Xbox One S and One X are getting AMD FreeSync 2 support

Jump to 1:37:57 in the above video for the FreeSync 2 discussion.

Over the weekend, Microsoft announced during it's Xbox Season Premiere event that it will be adding FreeSync 2 support to the Xbox One S and Xbox One X. This is big news, as even more than PCs, consoles often struggle to hit the native refresh rates on HDTVs. Let's talk quickly about what FreeSync 2 means, and how this will help console games.

Back in late 2013, Nvidia kicked off the variable refresh rate trend in displays with its G-Sync technology. It (still) requires an Nvidia graphics card along with a display that uses the G-Sync module, which inherently limits its application, but the result is quite impressive. AMD followed in 2015 with its own variation on the technology, called FreeSync, and worked with other companies to make FreeSync an open standard (though so far only AMD GPUs support the standard). More recently, AMD created an enhanced version called FreeSync 2, which is backwards compatible with the original FreeSync spec, so the Xbox One S/X will support both FreeSync 2 and FreeSync displays. But what makes variable refresh rates desirable in the first place?

Prior to G-Sync, signals were sent from your GPU to your display at fixed intervals. Because most displays refresh 60 times per second, that led to a choice between one of two compromises. The first option is to run with V-sync enabled, which means your display gets updated with a full frame of new information at its refresh rate. If a new frame isn't available, the previous frame is used, which in some situations can created stuttering and undesired effects. The other option is to turn V-sync off, and just sent every new frame to the display as soon as it's ready—even if the display is in the middle of refreshing. This leads to tearing, seen below, but it can give improved latency because you're not waiting for the display to finish updating.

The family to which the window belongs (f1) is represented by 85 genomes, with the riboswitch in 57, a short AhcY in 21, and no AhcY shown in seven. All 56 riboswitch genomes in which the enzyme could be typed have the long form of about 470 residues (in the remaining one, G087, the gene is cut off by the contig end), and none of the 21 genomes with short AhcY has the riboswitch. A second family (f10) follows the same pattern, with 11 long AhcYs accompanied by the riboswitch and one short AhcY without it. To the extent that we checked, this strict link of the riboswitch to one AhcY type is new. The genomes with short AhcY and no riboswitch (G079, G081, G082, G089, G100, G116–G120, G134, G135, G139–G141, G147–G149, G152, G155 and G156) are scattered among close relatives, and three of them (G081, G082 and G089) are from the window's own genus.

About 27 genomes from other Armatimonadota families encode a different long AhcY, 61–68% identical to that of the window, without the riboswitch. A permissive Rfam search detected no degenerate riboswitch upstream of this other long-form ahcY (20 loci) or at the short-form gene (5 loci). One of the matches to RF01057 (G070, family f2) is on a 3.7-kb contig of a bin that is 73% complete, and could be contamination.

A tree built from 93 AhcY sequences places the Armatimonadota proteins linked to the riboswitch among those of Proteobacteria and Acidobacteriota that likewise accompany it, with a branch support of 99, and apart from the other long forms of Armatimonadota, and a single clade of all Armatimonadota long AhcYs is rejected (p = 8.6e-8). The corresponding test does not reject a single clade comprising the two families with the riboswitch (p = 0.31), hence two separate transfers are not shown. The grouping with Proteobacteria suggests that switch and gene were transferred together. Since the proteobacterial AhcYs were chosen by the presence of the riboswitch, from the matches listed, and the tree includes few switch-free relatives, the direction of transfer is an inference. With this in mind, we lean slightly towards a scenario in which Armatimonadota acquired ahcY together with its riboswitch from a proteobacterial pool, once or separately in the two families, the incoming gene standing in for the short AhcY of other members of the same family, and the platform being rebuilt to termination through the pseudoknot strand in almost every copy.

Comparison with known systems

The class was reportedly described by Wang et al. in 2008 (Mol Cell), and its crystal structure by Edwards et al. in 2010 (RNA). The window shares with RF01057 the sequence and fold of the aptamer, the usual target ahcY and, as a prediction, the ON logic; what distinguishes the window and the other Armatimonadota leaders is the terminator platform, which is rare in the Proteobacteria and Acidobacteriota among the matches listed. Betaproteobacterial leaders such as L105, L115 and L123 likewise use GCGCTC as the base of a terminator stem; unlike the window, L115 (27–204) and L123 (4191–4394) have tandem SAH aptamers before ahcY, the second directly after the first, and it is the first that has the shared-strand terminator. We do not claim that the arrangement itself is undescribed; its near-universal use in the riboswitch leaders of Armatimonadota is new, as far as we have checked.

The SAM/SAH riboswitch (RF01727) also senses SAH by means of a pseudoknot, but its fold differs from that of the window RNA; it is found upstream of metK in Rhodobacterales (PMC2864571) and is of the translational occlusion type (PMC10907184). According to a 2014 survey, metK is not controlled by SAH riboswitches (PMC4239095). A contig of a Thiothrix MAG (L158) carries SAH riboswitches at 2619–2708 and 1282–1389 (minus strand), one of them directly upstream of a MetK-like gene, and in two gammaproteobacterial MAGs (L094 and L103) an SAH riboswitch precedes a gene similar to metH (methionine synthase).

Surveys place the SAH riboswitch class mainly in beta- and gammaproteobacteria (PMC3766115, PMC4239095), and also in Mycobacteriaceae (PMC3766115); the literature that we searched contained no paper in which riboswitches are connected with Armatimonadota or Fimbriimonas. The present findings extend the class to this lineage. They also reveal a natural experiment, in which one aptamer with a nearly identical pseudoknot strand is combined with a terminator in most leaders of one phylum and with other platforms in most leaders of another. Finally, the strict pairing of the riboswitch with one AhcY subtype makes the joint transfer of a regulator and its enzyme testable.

(Simulated) tearing is bad.

The problem with fixed refresh rates is that if you're not able to render frames faster than the refresh rate—like say you come just short at 55fps instead of 60fps on a 60Hz display—you're often limited to half the refresh rate for your framerate. Frame 1 is sent to the display, 1/60 of a second later the display checks for a new frame, it's not ready, and frame 1 gets repeated. Just after frame 1 is repeated, frame 2 is ready, but now the display has to wait about 16ms before it can show that frame. Triple buffering can help improve the framerate by allowing the GPU to start rendering frames 3, 4, etc. while waiting for frame 2 to get displayed, but input lag (the latency between when an action occurs on the user end of the equation and when that action is reflected on-screen) is still a problem.

G-Sync and FreeSync are both similar in that they move to a dynamic refresh rate, within a range of values. Now, instead of waiting for the display refresh to restart, the GPU can send a signal to the display as soon as a new frame is ready. This improves input latency while avoiding tearing, and for games running between 30-60 fps the difference is very noticeable. And that's important, because maintaining a steady 60fps in many games is difficult, particularly on lower spec hardware (which is what modern consoles are, more or less).

The initial FreeSync support will roll out next week to Xbox Insiders in the Alpha Ring (basically the more frequent 'beta' updates to test new features). The Xbox can work with FreeSync 2 displays, which include HDR support among other things, as well as existing FreeSync displays. HDMI FreeSync also works, with the appropriate display, which is an important thing to consider as the Xbox One S/X don't include native DisplayPort outputs (it's available via adapter). Also note that there are currently no HDTVs with FreeSync support, which is something to look for in the future, so initially this is intended for use with one of the 200+ FreeSync monitors.

Jarred Walton

Jarred's love of computers dates back to the dark ages when his dad brought home a DOS 2.3 PC and he left his C-64 behind. He eventually built his first custom PC in 1990 with a 286 12MHz, only to discover it was already woefully outdated when Wing Commander was released a few months later. He holds a BS in Computer Science from Brigham Young University and has been working as a tech journalist since 2004, writing for AnandTech, Maximum PC, and PC Gamer. From the first S3 Virge '3D decelerators' to today's GPUs, Jarred keeps up with all the latest graphics trends and is the one to ask about game performance.